Try replacing “your” or “you’re” with “you are” if you are unsure which to use. You're going to be the queen of Gadha Land. You're You're is the contraction of "you are" and is often followed by the present participle (verb form ending in -ing). influence: The drug had an immediate effect on the pain.” Remember that only “you’re” is a contraction. touch or move. hypothesis.is that if you're able to replace the word with "you are. a." you're saying you're. and it omits the letter “a. or an. Something brought about by a cause or agent.” The apostrophe in “you’re” signifies the omission of the letter “a. a result. The government's action had no effect on the trade imbalance. as a disease: Rheumatic fever can affect the heart. 2. use “you’re. To attack or infect. or phenomenon: the photovoltaic effect. 2. To have an influence on or effect a change in: Inflation affects the buying power of the dollar. Otherwise. Keep in mind that the word your will never be followed by the words the. your only choice is your. The ironclad rule . A scientific law. 3. you'll understand. . I can't believe you're a Gadha! When you're my age.” If the sentence does not make sense. | 4. you will know to use “your Affect vs Effect Affect 1. The power to produce an outcome or achieve a result. To act on the emotions of. Effect 1. 3.This is your chair and this is mine. Advantage. The Bottom Line The confusion between your and you're occurs because the two words are pronounced pretty much the same.no exceptions . avail: used her words to great effect in influencing the jury. If the sentence makes sense.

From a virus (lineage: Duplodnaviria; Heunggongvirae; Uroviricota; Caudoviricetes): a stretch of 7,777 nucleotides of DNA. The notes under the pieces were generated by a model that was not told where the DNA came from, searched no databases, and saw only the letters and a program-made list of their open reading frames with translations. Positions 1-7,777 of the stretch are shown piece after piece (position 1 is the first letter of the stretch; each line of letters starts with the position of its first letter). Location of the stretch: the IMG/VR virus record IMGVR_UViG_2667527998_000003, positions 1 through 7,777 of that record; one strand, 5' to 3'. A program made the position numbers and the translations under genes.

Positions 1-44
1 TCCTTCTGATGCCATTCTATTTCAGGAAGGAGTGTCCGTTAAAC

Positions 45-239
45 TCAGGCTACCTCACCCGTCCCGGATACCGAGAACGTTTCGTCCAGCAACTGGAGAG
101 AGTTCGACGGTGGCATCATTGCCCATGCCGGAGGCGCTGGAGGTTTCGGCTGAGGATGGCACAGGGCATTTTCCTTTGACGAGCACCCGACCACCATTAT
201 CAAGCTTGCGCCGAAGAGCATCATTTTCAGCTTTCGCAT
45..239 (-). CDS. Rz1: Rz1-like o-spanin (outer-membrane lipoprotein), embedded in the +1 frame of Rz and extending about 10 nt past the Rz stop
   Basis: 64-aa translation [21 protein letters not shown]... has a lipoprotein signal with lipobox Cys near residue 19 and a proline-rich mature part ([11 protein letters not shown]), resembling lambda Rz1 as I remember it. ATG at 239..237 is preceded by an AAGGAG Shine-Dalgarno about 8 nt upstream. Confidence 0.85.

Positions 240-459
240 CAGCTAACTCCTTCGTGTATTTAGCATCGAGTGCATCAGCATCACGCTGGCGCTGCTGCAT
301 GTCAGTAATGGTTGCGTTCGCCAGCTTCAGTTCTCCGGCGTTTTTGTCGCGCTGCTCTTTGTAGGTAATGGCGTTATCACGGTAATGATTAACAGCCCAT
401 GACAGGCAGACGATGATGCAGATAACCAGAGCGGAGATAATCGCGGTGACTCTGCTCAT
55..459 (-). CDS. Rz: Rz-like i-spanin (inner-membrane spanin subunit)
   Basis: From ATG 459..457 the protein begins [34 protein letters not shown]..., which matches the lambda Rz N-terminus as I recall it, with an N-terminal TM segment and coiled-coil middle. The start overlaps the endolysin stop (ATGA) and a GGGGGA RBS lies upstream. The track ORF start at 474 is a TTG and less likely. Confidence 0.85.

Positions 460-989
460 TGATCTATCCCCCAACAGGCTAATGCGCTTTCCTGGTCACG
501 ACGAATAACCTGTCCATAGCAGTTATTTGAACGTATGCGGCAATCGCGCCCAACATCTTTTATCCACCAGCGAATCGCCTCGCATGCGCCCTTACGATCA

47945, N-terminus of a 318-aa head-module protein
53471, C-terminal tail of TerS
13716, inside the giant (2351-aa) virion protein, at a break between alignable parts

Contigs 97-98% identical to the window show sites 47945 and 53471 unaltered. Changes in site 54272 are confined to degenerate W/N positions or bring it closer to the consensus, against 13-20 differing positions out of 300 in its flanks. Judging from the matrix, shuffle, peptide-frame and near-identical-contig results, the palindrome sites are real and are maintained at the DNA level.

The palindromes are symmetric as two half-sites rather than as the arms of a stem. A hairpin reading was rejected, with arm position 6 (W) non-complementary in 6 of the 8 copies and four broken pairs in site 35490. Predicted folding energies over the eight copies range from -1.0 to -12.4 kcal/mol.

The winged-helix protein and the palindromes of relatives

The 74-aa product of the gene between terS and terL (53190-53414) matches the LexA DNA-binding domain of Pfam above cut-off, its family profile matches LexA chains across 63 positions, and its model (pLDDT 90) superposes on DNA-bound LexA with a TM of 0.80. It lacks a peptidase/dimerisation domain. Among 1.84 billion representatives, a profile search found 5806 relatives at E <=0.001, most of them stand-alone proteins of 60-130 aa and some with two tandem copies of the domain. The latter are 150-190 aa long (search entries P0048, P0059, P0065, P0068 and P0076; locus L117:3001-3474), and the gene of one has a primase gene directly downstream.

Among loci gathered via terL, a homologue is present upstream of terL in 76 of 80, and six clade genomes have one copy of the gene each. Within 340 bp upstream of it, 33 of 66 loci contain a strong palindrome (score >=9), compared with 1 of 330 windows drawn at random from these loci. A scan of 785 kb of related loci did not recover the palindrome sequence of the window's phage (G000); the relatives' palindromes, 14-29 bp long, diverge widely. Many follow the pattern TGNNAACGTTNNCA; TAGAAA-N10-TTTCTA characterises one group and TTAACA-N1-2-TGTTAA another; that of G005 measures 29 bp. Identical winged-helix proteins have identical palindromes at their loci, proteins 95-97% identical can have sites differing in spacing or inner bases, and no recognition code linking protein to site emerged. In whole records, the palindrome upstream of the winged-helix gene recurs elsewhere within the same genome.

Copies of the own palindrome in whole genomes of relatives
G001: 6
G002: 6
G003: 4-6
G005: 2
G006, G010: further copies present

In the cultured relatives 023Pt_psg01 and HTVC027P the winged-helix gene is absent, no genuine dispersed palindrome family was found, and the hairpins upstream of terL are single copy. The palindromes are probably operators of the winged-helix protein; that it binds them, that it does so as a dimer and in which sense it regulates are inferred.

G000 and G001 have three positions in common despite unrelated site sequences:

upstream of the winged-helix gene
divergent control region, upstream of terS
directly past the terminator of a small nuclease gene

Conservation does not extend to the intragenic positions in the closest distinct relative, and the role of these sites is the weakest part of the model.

import: He said he was greatly worried. If you are talking about a result. the. Affect can be used as a noun to describe facial expression. or words to that effect. Used after a comparative adjective or adverb to introduce the second element or clause of an unequal comparison DT had better grammar than TG. 2. 5. or and." What effect did the CAT result have on the TG team? 2. The condition of being in full force or execution: a new regulation that goes into effect tomorrow. take. the right word to use is effect. Something that produces a specific impression or supports a general design or intention: The lighting effects emphasized the harsh atmosphere of the drama. If you want to describe something that was caused or brought about. Example: The new manager effected some positive changes in the office. . an. In analyzing a situation. it is important to take the concepts of cause and effect into consideration. 7. 6.) 4. The young man with schizophrenia had a flat affect. Production of a desired impression: spent lavishly on dinner just for effect. any. The basic or general meaning. Use it when trying to describe influencing someone or something rather than causing it. 3. How does the crime rate affect hiring levels by local police forces? Than 1. 3. (This means that the new manager caused some positive changes to take place in the office.5. The Bottom line 1. A particular impression: large windows that gave an effect of spaciousness. then use the word "effect. It is appropriate to use the word "effect" if one of these words is used immediately before the word: into. The prescribed medication had no effect on the patient's symptoms. no. 1. Affect can also be used as a verb.
she does the work. Used to introduce the second element after certain words indicating difference He sang at a lower octave than she. then. 1. In that case. 2. therefore She wants to be a star. but then he always worked so hard. on top of that He told me he was leaving. Then Then has numerous meanings. The Bottom Line Than is used only in comparisons. 6.Used after but to qualify or balance a preceding statement: He was a star. Used especially after hardly and scarcely I had hardly the energy to smile than I saw your face. afterward I went to the office. 5. If not. therefore (often with "if") If you want to go. and then to the bank Do your homework and then go to bed 3. so if you're comparing something use than. then you have to use then There vs Their . Will you be home at noon? I'll call you then. then you'll have to finish your homework. 3. In addition.2.As a consequence. and then that I owed him money 4. also. At that point in time I wasn't ready then. Next.